What's an Observation?

To observe without evaluating is the highest form of intelligence.
– Jiddu Krishnamurti

When we think and communicate based on pure observation, needs and requests, we increase the likelihood for movement, connection and fulfillment.

For the sake of increasing fulfillment, I invite you to replace the use of “observation” as it is colloquially used (to mean “to state an opinion or conclusion”) with a sense of speaking about the world in observations that are without conclusion, assessment, opinion, or judgement.

Observation is:
the act of making and recording a measurement. Ex: “Three times this week”. Therefore “always”, “never”, and “sometimes” are not observations, but assessments. “You never XYZ,” is not an observation. “Twice last week you didn’t XYZ…,” may be an observation.

Observation is:
– recognizing and noting some fact or occurrence. Ex: “The door closed.” Therefore, interpretation is not the same as observation, “you slammed the door” is an interpretation. “I have not heard you tell me back what I’m saying” is an observation. “You’re not listening,” is an interpretation.

Observation is:
– recognizing and noting some fact or occurrence. Ex: “I asked twice and twice he said ‘no’,” is an observation. “He is stubborn,” is a label, an assessment, an opinion, a judgment.

Observation is:
– recognizing and noting some fact or occurrence. Ex: “I have met 2 people who earned more than I earn who I did not like,” is an observation. “Rich people are mean, they think they’re entitled,” are generalizations, categorizations (ie: assessments, not observations).

Observation is:
– recognizing and noting some fact or occurrence, without making meaning. Ex: “1000 suicide bombers died last year,” is an observation. “The world is being overrun by suicide bombers,” is an extrapolation of you making meaning, your opinion / conclusion that doesn’t represent a fact.

Observation is:
– free of judgment, opinion, analysis, assessment, generalization, or interpretation. Ex: “I observe that 3 days last week you told me you were busy,” is an observation. “I observe that she’s pathological,” is not an observation, it’s an assessment, an analysis, regardless of the fact that the word ‘observe’ is being used. “She is wearing a red hat,” is an observation. “She’s dressed strangely,” is an opinion.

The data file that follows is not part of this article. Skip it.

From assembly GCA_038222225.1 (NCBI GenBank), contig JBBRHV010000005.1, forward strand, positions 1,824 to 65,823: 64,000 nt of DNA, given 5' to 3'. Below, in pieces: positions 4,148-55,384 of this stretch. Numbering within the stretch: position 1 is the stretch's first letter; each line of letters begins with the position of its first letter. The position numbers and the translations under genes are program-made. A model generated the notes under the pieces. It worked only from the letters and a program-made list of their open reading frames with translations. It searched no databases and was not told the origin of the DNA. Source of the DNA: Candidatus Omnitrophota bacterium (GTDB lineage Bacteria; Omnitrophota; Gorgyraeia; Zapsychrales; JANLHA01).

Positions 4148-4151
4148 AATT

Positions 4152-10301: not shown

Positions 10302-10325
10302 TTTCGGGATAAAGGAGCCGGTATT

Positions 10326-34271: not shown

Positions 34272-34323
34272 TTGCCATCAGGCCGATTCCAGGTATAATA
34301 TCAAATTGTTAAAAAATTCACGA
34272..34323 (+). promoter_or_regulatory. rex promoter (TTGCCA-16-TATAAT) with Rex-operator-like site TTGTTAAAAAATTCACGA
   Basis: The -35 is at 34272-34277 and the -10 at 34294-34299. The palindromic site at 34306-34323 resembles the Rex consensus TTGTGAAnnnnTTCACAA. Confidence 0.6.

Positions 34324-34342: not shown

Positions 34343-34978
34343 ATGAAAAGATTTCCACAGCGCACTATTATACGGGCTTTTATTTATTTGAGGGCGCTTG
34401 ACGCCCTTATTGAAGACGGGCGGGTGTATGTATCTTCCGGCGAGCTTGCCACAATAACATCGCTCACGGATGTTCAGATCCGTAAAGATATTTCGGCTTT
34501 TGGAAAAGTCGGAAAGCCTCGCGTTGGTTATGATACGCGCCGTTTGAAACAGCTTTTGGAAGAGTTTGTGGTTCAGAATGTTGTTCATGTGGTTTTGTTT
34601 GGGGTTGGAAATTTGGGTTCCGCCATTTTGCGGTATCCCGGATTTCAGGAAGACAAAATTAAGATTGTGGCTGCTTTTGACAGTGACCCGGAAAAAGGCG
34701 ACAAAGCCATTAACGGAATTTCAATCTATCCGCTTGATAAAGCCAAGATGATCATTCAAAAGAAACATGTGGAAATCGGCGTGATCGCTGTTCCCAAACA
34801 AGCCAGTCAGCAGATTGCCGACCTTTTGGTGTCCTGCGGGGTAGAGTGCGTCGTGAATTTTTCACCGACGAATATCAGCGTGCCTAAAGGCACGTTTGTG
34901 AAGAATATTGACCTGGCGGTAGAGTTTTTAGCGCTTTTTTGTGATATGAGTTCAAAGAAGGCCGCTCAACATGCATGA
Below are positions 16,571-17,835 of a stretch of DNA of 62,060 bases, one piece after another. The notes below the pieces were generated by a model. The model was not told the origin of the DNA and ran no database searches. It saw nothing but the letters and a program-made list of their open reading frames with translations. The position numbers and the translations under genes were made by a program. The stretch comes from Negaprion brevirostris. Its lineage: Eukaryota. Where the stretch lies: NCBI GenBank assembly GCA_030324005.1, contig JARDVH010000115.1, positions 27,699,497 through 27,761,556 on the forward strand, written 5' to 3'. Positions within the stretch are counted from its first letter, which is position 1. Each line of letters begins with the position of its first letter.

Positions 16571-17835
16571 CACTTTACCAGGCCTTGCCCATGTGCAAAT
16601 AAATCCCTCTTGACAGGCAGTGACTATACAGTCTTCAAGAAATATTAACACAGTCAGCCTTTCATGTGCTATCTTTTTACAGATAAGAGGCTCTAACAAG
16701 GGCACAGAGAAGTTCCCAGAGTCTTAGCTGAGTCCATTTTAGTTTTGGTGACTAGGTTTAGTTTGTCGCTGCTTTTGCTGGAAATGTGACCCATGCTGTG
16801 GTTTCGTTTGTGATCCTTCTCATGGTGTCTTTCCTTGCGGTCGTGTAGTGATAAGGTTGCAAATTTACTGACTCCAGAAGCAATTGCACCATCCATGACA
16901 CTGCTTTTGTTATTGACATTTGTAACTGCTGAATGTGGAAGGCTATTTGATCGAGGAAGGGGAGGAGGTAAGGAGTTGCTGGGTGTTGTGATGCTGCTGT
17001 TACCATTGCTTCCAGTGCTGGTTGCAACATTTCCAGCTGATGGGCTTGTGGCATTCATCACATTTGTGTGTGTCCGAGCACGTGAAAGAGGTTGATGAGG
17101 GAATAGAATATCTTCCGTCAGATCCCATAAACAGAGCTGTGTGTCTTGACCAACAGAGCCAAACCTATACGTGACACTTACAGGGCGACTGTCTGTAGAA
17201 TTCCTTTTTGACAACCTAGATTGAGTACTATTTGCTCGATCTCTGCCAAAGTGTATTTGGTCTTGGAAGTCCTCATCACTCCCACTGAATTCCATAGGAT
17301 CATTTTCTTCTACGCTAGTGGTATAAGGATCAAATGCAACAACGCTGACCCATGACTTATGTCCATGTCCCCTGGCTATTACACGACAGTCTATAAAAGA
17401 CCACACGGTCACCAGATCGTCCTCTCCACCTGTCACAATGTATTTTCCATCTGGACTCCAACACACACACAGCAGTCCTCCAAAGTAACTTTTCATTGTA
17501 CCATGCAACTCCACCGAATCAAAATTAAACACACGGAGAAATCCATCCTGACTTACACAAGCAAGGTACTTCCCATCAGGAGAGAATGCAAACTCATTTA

Think of it this way – if someone can argue with you on your statement or debate the validity of it, or if it could not be recorded on a video or on tape, then it’s likely not an observation.

How are your powers of observation?

FACT OR THOUGHT?
For each of these sentences would you assess it as an observation or as an opinion? If you think the sentence is an opinion, how might it be changed to qualify as an observation?

– The world is falling apart.
– I’m having a bizarre day.
– You’re just PMSing.
– He’s difficult.
– He hung up on me 3 times! He’s a jerk!
– You’re a terrific dancer.
– You’re the best dancer I’ve ever danced with.
– I love how you waltz.
– I notice I’m obsessing.
– I notice I’m spending more than 2 hours a day thinking about it.
– I observed that he was too impatient to talk to me.
– She said it in a threatening tone of voice. Everyone would agree!

Advertisements

0 Responses to “What's an Observation?”



  1. Leave a Comment

Leave a Reply

Fill in your details below or click an icon to log in:

WordPress.com Logo

You are commenting using your WordPress.com account. Log Out / Change )

Twitter picture

You are commenting using your Twitter account. Log Out / Change )

Facebook photo

You are commenting using your Facebook account. Log Out / Change )

Google+ photo

You are commenting using your Google+ account. Log Out / Change )

Connecting to %s




Thank you Love!

Thank you to the friends who help keep my content flowing. To share your love with me, please Click Here to Donate. Thank you <3

Quick Browse

RSS Quote of the Day

August 2008
M T W T F S S
« May   Sep »
 123
45678910
11121314151617
18192021222324
25262728293031

RSS My Recent Twitters

  • An error has occurred; the feed is probably down. Try again later.

All Entries Copyright (c) 2007-2014 Gail Taylor. All Rights Reserved.


%d bloggers like this: